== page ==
Websites are an important tool. It's the world we live in. It's no surprise that state government agencies are jumping on the bandwagon. But what is that costing taxpayers?
In 2010, Oklahoma entered into its latest contract with Oklahoma Interactive (OI), a company that provides website services and processes online payments for government agencies through its web portal, OK.gov - but at a cost to all of us. The company collects a portion of fees users pay to conduct those online transactions.
For example, in 2013, fee payments to OI totaled $5.9 million, according to information provided to the Office of Management and Enterprise Services (OMES). Collecting on average several million a year in fees, that came to more than $17 million paid to OI over the five-year deal. The company earns additional money by responding to specific web content needs at individual state agencies.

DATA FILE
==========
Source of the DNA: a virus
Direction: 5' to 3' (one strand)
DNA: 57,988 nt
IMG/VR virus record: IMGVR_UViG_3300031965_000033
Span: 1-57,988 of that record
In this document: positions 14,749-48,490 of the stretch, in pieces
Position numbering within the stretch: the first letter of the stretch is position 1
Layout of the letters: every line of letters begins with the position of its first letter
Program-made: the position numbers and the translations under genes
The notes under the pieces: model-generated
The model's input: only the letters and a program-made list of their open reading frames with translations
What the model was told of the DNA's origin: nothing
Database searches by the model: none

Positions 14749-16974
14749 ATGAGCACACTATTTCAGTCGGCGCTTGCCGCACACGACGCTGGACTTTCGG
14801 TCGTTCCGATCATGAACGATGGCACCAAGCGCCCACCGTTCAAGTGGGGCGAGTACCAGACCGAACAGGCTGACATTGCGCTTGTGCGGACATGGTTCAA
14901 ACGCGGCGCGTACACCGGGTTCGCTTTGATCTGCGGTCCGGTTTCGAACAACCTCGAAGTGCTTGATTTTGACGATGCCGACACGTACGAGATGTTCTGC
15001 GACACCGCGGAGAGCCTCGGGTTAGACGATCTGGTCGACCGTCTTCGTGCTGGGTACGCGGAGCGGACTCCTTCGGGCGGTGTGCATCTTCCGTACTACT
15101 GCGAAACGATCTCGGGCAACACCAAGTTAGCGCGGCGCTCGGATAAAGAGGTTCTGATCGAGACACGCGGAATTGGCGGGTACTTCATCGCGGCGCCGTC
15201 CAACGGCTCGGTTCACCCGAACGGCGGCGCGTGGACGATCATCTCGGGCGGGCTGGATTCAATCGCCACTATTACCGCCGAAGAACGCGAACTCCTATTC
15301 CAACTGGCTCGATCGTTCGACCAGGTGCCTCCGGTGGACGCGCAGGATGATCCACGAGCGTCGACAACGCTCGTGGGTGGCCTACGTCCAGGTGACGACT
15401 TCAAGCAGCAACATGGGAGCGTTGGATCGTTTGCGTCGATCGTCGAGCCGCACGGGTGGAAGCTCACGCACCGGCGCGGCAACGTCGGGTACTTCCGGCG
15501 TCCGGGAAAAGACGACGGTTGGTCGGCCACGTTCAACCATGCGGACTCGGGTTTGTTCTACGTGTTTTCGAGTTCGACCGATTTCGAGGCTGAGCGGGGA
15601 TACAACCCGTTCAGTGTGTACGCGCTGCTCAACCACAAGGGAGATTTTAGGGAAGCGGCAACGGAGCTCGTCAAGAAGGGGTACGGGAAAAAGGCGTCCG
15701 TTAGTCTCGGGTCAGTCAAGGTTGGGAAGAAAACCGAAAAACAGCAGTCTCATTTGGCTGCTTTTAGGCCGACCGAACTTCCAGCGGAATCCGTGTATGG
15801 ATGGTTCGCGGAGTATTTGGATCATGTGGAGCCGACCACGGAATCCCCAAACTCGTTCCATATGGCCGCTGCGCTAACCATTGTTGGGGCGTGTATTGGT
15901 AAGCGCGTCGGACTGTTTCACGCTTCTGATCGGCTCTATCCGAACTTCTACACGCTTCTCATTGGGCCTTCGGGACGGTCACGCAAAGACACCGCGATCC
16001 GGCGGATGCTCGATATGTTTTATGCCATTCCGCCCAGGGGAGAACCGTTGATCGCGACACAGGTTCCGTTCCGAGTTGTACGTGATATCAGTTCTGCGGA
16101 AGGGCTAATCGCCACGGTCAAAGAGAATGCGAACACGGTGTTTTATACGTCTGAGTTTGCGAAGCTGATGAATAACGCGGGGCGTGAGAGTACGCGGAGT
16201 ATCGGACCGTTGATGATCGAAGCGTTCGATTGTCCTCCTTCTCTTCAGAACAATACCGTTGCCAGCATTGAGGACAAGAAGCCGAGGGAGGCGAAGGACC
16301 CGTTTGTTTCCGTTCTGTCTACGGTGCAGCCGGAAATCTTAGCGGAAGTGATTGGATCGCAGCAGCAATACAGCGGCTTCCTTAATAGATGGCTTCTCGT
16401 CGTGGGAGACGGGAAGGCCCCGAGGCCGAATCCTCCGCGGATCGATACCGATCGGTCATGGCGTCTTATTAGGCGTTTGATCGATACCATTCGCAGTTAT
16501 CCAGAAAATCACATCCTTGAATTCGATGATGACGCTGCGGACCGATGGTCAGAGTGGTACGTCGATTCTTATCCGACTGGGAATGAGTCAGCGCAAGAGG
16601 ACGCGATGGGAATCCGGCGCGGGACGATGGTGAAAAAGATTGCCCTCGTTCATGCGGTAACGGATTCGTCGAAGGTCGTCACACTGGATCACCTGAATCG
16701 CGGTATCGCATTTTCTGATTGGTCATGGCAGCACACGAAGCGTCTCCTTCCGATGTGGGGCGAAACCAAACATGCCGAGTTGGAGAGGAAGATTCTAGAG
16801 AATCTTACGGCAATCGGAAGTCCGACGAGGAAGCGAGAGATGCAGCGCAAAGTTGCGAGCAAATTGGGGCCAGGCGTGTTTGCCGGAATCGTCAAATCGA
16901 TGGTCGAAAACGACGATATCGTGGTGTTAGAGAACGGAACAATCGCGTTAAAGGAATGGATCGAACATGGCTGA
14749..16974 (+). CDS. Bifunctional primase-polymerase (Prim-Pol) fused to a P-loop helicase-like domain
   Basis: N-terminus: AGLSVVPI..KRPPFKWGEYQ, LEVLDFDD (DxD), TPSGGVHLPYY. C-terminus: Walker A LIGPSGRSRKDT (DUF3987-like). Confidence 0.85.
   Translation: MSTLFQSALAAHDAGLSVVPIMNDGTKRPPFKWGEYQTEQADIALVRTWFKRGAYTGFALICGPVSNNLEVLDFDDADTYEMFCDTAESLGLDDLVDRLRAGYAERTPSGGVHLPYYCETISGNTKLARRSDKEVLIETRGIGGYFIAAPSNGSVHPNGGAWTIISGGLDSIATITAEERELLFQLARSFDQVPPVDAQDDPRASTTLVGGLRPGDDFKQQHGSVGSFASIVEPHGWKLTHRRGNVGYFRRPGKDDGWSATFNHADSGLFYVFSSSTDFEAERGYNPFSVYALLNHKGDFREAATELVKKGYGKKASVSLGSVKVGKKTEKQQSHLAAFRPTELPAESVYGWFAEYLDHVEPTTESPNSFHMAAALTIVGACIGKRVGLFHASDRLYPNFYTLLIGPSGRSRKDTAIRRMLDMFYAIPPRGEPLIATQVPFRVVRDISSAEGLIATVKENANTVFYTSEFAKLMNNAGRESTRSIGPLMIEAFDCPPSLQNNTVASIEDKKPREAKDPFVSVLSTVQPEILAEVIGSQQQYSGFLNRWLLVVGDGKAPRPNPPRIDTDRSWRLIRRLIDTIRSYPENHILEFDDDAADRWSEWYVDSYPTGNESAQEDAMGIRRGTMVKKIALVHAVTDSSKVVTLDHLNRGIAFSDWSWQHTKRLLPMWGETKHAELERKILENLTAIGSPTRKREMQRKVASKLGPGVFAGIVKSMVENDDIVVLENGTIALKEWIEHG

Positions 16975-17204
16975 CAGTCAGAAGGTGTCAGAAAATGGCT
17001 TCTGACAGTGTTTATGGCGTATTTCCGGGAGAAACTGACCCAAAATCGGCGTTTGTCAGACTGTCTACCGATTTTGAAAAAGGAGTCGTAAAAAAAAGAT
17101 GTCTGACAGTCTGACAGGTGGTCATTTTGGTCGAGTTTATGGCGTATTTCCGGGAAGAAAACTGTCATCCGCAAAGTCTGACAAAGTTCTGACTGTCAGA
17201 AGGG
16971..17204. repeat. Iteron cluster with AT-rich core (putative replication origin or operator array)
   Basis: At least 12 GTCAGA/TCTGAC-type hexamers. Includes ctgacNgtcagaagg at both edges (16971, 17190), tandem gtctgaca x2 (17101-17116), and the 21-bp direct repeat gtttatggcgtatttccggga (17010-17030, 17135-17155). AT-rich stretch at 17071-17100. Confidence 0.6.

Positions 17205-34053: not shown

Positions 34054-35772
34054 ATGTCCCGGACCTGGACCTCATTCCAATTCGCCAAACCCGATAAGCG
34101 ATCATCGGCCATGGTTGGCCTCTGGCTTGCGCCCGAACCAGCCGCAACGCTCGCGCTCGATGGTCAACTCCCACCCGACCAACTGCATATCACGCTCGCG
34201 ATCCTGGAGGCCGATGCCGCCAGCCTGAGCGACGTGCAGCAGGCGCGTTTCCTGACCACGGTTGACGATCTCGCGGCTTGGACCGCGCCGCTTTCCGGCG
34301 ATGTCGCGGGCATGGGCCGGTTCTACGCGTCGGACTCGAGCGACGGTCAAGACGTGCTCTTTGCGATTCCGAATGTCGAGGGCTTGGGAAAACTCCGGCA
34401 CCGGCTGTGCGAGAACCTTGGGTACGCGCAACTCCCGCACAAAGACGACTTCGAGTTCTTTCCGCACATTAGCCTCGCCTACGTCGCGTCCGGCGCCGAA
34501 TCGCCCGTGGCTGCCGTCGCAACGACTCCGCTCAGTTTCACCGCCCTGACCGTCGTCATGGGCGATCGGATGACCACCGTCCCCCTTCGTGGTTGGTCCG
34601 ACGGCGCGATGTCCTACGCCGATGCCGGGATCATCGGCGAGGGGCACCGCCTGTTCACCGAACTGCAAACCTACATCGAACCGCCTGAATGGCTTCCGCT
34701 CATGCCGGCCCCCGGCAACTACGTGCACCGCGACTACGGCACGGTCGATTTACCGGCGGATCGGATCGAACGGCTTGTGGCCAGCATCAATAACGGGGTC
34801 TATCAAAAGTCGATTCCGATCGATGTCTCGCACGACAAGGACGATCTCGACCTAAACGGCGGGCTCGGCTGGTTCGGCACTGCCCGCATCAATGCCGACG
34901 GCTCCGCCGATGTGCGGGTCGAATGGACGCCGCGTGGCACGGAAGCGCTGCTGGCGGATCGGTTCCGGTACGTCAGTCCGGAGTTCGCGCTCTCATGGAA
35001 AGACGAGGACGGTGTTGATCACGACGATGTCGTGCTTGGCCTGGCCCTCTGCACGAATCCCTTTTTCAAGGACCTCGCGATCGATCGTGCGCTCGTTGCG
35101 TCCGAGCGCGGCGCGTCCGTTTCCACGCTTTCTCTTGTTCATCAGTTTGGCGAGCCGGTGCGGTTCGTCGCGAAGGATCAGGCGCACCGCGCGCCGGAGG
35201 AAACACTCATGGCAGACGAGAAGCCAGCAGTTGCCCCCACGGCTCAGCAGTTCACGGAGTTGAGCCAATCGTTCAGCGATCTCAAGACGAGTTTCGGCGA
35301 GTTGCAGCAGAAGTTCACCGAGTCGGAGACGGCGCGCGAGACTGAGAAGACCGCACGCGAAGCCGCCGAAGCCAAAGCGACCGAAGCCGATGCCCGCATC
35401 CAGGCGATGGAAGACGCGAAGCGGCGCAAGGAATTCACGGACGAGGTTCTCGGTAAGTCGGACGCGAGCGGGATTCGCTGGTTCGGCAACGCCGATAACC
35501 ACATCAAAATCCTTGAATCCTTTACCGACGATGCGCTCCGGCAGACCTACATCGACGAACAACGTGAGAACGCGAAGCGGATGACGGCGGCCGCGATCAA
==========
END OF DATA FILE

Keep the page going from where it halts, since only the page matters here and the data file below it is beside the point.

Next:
Earlier this year, the state decided not to renew OI's contract. Officials said they wanted to give agencies more options. But we've learned that workers at some agencies feel OI hasn't yet completed the work on their websites that they were expected to do and that some of the work they did was substandard.
An OMES spokesman wasn't aware of any specific complaints and said whether OI adequately completed the terms of its contract is a legal issue that they've had no reason to address. The state's contract with OI officially ends Dec. 31, but the company will continue work with agencies through the end of March.